"I am not going to wait for you!" is the correct translation in English. It was accepted but the translation listed as THE correct answer should be changed. If it meant wait as in the sense of waiting on tables (which it does NOT), it would be "I am not going to wait on you!" in English.
you can wait for a bus or you can wait on someone in a restaurant (ie serve them).
I just compensated a downvote for you by someone who probably couldn't understand what you (both) were talking about.
Apparently, in American English, a waiter can "wait tables", even though the etymology of waiter is quite literally someone who waits until his service is needed:
I'm not an English native but i doubt that "the waiter waits on a person" can mean "serving" (or is it a regional expression?). And "wait after someone" would not be proper English at all - please correct me here!
So there is no ambiguity here, and it means at the most "stand by for you".
Generally in English, when a waiter is waiting, they are actually working - refilling your drinks, taking your order, etc. I understand how this could be confusing, but it's what it actually is. An alternate definition from Google dictionary for "wait" is "act as a waiter or waitress, serving food and drink."
"a local man was employed to wait on them at a table"
You can definitely "wait on" someone, as per the expression "wait on someone hand and foot". It means to be their servant, or just their waiter if that is the right context.
Actually, it is just a poor translation from Romanian to English - in Romanian we say "aștept DUPĂ tine", which is literally translated "wait AFTER you", so the one who created this course is clearly Romanian... :op
I don't understand why there are two future tenses in Romanian /: Can someone explain the difference?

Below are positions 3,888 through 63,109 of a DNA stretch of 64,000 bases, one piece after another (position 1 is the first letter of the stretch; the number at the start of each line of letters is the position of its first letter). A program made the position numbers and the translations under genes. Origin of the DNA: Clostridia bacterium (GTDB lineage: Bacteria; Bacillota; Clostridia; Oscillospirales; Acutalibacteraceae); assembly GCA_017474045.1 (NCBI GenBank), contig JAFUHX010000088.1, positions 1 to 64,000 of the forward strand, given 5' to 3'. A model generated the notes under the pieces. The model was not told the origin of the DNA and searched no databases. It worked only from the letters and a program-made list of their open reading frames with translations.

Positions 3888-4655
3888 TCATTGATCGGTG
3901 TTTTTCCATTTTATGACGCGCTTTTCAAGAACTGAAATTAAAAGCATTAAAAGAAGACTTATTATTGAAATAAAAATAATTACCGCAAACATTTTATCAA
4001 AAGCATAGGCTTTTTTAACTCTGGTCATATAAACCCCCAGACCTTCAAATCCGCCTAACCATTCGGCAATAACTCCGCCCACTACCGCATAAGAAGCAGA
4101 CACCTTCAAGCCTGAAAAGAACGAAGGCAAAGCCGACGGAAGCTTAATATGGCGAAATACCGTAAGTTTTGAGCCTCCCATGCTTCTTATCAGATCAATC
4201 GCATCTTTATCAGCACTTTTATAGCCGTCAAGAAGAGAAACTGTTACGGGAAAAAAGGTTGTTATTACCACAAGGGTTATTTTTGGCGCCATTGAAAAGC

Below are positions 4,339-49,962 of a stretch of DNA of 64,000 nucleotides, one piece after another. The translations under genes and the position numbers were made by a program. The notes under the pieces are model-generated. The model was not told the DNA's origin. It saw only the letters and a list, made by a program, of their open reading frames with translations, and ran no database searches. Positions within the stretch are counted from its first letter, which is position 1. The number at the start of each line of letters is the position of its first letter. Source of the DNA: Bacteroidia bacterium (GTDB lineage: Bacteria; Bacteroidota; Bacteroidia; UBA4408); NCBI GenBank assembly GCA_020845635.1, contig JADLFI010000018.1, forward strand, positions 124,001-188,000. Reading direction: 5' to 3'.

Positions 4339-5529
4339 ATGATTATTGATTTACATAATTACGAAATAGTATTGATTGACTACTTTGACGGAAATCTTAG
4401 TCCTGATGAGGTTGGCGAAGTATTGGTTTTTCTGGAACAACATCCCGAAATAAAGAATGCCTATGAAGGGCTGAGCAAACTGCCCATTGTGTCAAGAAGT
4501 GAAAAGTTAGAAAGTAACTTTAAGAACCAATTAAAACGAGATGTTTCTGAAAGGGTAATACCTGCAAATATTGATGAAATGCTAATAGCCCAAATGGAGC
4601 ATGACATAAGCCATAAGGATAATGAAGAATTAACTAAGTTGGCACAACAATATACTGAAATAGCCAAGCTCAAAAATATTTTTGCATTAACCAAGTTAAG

Actually, there are 3 future indicative tenses in Romanian, and their grammatical function is the same. They are often referred to as Future 1, Future 2, and Future 3. Examples:
Mâine voi sta acasă. Tomorrow I shall stay at home.
Mâine o să stau acasă. Tomorrow I shall stay at home.
Mâine am să stau acasă. Tomorrow I shall stay at home.
There is no significant difference in sense. There different forms are there due to the historical development of Romanian (some Romance languages, e.g. French, have an "immediate future" tense, which formally corresponds to the formation of the first form above). If it seems redundant to have different forms, consider that English is similarly redundant. E.g. there is very little difference in meaning between "I will stay (at) home tomorrow"; "I will be staying (at) home tomorrow", and "I am staying at home tomorrow."
Moreover, there are two other two future tenses in Romanian, the future perfect and the future in the past, but these are separate sujects.
Can this possibly mean: you are going to wait first, but I am not going to wait second? Unlikely; more likely another bad choice of sentence to illustrate the use of the future tense in Romanian.